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Legislative Assembly for the ACT: Week 9 Hansard (19 August) . . Page.. 3902..

MRS DUNNE (continuing):

effective way, which would have meant allowing them to build a residence so that they could be close to the animals that they kept and maintained for a variety of purposes in relation to their business, which was essentially a petting nursery which, before it essentially went under, used to travel from place to place-to fetes, to hospitals, to fundraisers and things like that-and introduce city kids to country concepts.

One of the really essential parts of this business was the animals as therapy side of it. Animals Afloat had established a very strong reputation with a number of children's welfare organisations and children's services for the services that it provided to children-often children in need, often children who had terminal illnesses-that gave a spark of joy and a spark of interaction that otherwise those children would not experience, that brought meaning and fulfilment into lives which were often very precarious. Much has been said about the usefulness and the effectiveness of pets and animals as therapy. This was part of that link, part of that process.

As a result of the obvious need that arose in the case of Animals Afloat, this Assembly in its wisdom passed a motion in April 2002 requiring the planning authorities and the minister to institute a variation to the territory plan that would change the use for the land that Animals Afloat currently occupied from urban open space to broadacre to allow them to be issued with a lease which would allow them to build a house on the site so that they could live in proximity to the animals they maintained.

Earlier in the week, I touched on the sorry story of what has happened since then and the absolutely minimal compliance by the minister in this matter that caused it to drag out for 21/2 years. Only in the dying days of this Assembly are we seeing this matter come to fruition. I know that the government and the minister did not like the motion and I think that since then the government-the minister in particular-has learnt more about how, if the Assembly says it wants something, it really means it. On subsequent occasions, the minister has been censured for his minimal compliance or lack of compliance with motions of the Assembly.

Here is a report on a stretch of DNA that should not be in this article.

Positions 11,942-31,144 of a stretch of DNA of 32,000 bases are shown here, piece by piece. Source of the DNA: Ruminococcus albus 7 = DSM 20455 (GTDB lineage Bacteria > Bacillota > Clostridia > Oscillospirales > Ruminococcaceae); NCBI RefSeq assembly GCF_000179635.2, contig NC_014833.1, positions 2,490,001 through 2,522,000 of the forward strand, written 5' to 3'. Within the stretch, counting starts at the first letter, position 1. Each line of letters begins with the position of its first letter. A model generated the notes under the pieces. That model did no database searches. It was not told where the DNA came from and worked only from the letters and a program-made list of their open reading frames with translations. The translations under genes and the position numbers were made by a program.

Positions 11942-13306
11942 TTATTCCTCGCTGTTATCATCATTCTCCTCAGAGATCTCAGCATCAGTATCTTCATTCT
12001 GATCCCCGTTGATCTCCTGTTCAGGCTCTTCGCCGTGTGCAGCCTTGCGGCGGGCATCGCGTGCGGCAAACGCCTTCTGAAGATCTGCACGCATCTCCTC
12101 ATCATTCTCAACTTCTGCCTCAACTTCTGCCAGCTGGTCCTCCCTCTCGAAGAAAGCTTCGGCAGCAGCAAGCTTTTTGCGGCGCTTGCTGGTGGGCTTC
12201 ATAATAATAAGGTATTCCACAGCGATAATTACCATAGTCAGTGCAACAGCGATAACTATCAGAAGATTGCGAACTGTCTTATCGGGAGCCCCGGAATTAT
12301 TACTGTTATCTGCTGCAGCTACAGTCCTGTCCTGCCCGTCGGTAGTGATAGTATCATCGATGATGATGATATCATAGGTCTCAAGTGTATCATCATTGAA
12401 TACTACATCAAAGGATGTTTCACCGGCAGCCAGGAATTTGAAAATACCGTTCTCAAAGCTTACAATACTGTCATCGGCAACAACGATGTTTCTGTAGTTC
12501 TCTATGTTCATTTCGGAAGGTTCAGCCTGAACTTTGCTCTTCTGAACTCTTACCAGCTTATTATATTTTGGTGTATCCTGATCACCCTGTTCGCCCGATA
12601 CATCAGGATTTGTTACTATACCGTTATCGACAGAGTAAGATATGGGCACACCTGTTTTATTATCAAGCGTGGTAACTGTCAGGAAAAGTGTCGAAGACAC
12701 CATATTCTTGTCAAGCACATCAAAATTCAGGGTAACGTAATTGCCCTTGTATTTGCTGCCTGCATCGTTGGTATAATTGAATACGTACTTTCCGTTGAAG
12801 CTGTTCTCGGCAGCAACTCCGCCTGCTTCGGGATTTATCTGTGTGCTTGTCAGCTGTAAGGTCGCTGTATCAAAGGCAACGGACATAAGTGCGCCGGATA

But that is all behind us now. We now have the draft variation. It has been ticked off by the planning and environment committee. The government has brought in its response in which it agrees that it should make the variation. By voting down my disallowance motion today, this Assembly will be saying that it wants this variation to take place. I am encouraging members to vote against my motion-I will be voting against it-so that we can finalise the matter and the piece of land occupied or leased by the owners of the former business Animals Afloat can gain a change to the territory plan.

That is where the really interesting stuff starts, because it means that the government will be able to issue a meaningful lease over this piece of land. As I touched on the other day, I still have concerns about the way in which this government might treat the leaseholders of this block of land. I want to put on the record-I hope that other members of this place who are interested in this matter will emulate me-the view, which is also expressed in the report of the planning and environment committee, that the government should deal fairly and openly and take into consideration the needs of the current leaseholders, that we should not have any more argy-bargy about who does and does not have a lease, because there is a lease, and that when a new lease is made available the current leaseholders should be given first option on that lease, as is the longstanding practice in this territory in relation to rural leases.

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